I think one of the more effective strategies to asking effective questions is to admit one of your own assumptions and how it did not match what you expected to happen. This may come from observing and questioning the topic until it tells you about one of its assumptions beforehand. Changing or challenging one of those assumptions often happens for beginners by mistake; making mistakes will reveal even more specifics to ask questions about.

Most people are trained by their education to spot "what is wrong," or "conflicting results" and to ignore what is "normal" or to try to preserve normalcy at all costs. Your job if you can watch someone doing something you want to learn is to observe what is special about how they make the job or activity effortless and problem-free. Sometimes you can ask just that question and get some very useful replies from a good teacher - but sometimes it's up to you to put this together for yourself.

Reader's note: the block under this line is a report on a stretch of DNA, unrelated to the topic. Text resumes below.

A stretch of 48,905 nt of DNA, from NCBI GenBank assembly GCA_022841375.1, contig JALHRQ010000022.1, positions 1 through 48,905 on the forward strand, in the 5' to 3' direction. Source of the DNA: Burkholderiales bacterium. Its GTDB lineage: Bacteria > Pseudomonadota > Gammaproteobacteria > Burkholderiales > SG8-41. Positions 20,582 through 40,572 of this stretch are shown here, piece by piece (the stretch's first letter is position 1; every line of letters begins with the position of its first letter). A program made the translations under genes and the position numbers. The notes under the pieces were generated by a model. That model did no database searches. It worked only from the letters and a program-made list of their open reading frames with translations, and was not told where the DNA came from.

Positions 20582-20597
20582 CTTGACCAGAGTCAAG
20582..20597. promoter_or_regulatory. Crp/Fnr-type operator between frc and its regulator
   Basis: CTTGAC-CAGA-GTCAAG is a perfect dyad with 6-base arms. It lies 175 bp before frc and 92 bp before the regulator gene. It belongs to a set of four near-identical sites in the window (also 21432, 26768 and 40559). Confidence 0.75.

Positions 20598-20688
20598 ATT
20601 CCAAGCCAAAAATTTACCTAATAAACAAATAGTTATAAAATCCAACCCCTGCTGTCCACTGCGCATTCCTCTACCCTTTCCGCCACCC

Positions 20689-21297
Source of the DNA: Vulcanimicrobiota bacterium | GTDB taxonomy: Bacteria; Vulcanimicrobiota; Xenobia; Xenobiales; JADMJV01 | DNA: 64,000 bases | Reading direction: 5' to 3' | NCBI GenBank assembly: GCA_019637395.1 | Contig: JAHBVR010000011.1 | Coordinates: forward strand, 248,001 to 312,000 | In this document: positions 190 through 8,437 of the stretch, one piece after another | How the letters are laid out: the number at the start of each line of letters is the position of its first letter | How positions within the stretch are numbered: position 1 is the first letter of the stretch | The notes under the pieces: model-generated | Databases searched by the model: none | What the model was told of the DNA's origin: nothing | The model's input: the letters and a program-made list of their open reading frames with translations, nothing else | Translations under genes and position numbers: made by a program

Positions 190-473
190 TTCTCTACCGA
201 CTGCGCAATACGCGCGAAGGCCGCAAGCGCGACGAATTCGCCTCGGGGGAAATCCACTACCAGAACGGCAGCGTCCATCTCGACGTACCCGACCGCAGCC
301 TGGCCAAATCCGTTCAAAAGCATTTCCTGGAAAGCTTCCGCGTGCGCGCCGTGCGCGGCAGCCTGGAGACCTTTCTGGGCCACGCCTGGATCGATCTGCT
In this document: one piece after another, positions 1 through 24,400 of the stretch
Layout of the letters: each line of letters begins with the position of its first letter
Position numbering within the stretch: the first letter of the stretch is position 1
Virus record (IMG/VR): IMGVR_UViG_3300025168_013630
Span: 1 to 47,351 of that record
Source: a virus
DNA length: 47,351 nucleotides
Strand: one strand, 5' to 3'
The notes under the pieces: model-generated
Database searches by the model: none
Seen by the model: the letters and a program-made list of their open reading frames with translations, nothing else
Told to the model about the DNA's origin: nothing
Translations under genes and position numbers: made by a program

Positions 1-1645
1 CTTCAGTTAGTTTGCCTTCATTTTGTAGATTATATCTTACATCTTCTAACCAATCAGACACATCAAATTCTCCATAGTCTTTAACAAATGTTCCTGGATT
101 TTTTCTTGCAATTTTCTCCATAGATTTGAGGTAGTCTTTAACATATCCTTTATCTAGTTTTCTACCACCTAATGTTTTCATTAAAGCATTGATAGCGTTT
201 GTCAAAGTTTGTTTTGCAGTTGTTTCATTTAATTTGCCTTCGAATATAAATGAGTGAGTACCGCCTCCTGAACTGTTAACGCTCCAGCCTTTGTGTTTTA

It's very difficult to influence crucial differences when you can't perceive that they exist. It's a tricky job to uncover what we are in the act of taking for granted - but that's a gold mine for learning!